Flax, which is extremely cheap, is an excellent source of Omega 3s.

[1] https://www.nih.gov/news-events/news-releases/nih-study-find...

[2] https://en.wikipedia.org/wiki/Patrik_Baboumian

[3] https://www.ncbi.nlm.nih.gov/pmc/articles/PMC3662288/

[4] https://academic.oup.com/ajcn/article/89/5/1627S/4596952


i'm a certified personal trainer, a competitive strength athlete, best friend is a nutritionist and doctor, and we can look at a selective subset of science and studies all day long but i'll go with the research i've selected and believe in, the cohorts i know and socialize with and whose examples i can see, and the actions i've decided on.

even if we take inactive, S.A.D. eaters out of the mix, there are healthy and unhealthy examples of most eating modalities. ultimately, i'm of the belief that paining over any "healthy" modality will increase harm, and not-paining over any "healthy" modality won't.

in the end, we meet our end. until then...


You see, I don't care about Xs Ys of this thing, neither should you, or neither should anyone. I need a laundry list of things that I can eat on a vegan diet and when I look at this list I see either things that are not good for me to eat (high sugar food) or things that are too expensive (avacado, walnut) and when I eliminate these two categories I'm only left with tofu, broccoli and brussel sprouts. I can't see how eating tofu, broccoli and brussel sprouts every day is supposed to be "easy". People like variety.

I have no problem with veganism (ethics, sustainability) except the diet is too restricted to be healthy.


I know plenty of people who are vegans and also compete in some form of extreme athletics (ultramarathons, triathlons, rock-climbing, etc.). It's definitely possible to be healthy and vegan at the same time. The difficulty is that being vegan requires a conscious analysis of what you are eating, and most restaurant/packaged food is not vegan.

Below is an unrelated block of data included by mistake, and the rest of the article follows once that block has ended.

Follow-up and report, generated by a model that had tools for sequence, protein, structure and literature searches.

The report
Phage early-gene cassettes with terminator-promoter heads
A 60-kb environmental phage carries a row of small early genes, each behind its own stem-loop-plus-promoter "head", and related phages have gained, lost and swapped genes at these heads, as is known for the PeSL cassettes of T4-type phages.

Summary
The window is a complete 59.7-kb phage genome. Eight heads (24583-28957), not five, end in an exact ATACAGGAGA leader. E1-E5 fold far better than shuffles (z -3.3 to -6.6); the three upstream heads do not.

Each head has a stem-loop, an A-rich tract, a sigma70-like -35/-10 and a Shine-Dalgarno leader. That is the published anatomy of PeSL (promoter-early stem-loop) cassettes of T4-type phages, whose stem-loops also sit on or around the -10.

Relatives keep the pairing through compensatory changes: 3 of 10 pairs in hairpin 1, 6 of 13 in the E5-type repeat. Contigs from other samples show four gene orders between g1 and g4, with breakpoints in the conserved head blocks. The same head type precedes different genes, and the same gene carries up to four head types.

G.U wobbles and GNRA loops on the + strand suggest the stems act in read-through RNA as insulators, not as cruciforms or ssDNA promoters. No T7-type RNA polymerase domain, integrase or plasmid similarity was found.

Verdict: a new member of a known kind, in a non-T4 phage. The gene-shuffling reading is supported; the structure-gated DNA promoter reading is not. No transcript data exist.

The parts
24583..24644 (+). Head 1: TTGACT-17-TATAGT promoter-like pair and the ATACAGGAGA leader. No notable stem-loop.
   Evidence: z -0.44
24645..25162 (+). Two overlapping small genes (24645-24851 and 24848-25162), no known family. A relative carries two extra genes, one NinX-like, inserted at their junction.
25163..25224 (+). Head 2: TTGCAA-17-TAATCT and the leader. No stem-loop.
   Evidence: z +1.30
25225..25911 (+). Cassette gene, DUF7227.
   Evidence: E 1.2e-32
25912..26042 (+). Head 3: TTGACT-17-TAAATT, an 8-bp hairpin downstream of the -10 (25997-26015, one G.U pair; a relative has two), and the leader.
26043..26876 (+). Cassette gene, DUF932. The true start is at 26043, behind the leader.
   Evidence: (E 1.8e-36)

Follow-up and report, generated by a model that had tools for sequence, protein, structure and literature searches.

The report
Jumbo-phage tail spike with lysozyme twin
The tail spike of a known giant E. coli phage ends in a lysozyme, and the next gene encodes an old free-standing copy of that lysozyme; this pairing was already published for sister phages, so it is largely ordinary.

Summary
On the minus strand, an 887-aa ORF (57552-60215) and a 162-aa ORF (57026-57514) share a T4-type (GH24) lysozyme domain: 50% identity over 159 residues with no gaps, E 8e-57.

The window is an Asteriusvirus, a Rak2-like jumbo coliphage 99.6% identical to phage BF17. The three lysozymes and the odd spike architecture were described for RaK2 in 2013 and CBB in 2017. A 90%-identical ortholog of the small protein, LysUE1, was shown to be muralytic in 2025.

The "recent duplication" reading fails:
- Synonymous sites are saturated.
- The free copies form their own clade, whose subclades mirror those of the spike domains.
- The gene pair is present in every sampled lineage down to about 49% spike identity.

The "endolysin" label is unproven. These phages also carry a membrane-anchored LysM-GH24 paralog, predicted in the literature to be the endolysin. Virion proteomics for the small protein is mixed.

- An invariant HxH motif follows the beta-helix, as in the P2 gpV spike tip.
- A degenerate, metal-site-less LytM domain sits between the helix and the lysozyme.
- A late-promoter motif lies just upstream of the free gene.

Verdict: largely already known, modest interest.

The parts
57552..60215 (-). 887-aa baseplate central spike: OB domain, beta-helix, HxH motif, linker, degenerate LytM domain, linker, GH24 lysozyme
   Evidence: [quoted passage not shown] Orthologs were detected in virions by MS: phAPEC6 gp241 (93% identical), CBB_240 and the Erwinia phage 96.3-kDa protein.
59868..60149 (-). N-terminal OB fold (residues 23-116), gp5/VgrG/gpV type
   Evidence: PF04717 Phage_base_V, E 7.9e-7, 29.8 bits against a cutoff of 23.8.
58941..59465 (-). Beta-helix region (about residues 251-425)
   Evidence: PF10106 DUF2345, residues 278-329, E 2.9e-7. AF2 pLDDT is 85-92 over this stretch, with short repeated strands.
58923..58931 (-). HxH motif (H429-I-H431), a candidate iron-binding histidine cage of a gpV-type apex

Also, unless for some reason you are allergic to legumes, beans can be had for very cheap anywhere in the US, and if you can't afford $3 for a week's supply of spinach or bell peppers you probably can't afford housing either.


Meat is even more expensive...


A pound of lean turkey breast is almost 900 calories, has 130 grams of protein (meets daily value even for heavy weightlifters), 34 grams of fat (of only ~7 grams is Omega 6) and in my local Trader Joes I can get this for $5. How's this expensive compared to say broccoli. 1 pound of broccoli is $3 at the same Trader Joes but is only 150 calories. So a 900 cl broccoli would be $15.


A vegetarian diet is not made of broccoli.

Calories per dollar list: https://efficiencyiseverything.com/calorie-per-dollar-list/


But you need more than just protein! Where would you get fibre, vitamins, minerals if you just eat turkey? Also, you think if you are only paying $5 for a pound of meat that some corners aren't being cut somewhere? (guess what, they are! incredibly cruel treatment of the animals, damage to the environment, excessive use of antibiotics, poor and unsafe working conditions for humans working at the factory "farm" (although I don't care about them personally), rancid meat)


You know that there are vegan athletics, even bodybuilders? Just google for e.g. "famous vegan bodybuilders".


A vegan diet is easy if you're coming from an already health-conscious diet, meat or no meat. Before going vegetarian/vegan, I was already paying attention to what I ate, cooking at home for almost all of my meals, and generally educating myself about nutrition and diet.

Going cold turkey from the kind of person who eats out for most of their meals, or generally doesn't cook much from scratch, to the kind of person who cooks their own meals using plant-based ingredients is going to be difficult, no matter what. Not only do you have to learn about what kinds of ingredients and recipes are at your disposal, you also have to get good at cooking (which is not just some skill you are either blessed with or aren't).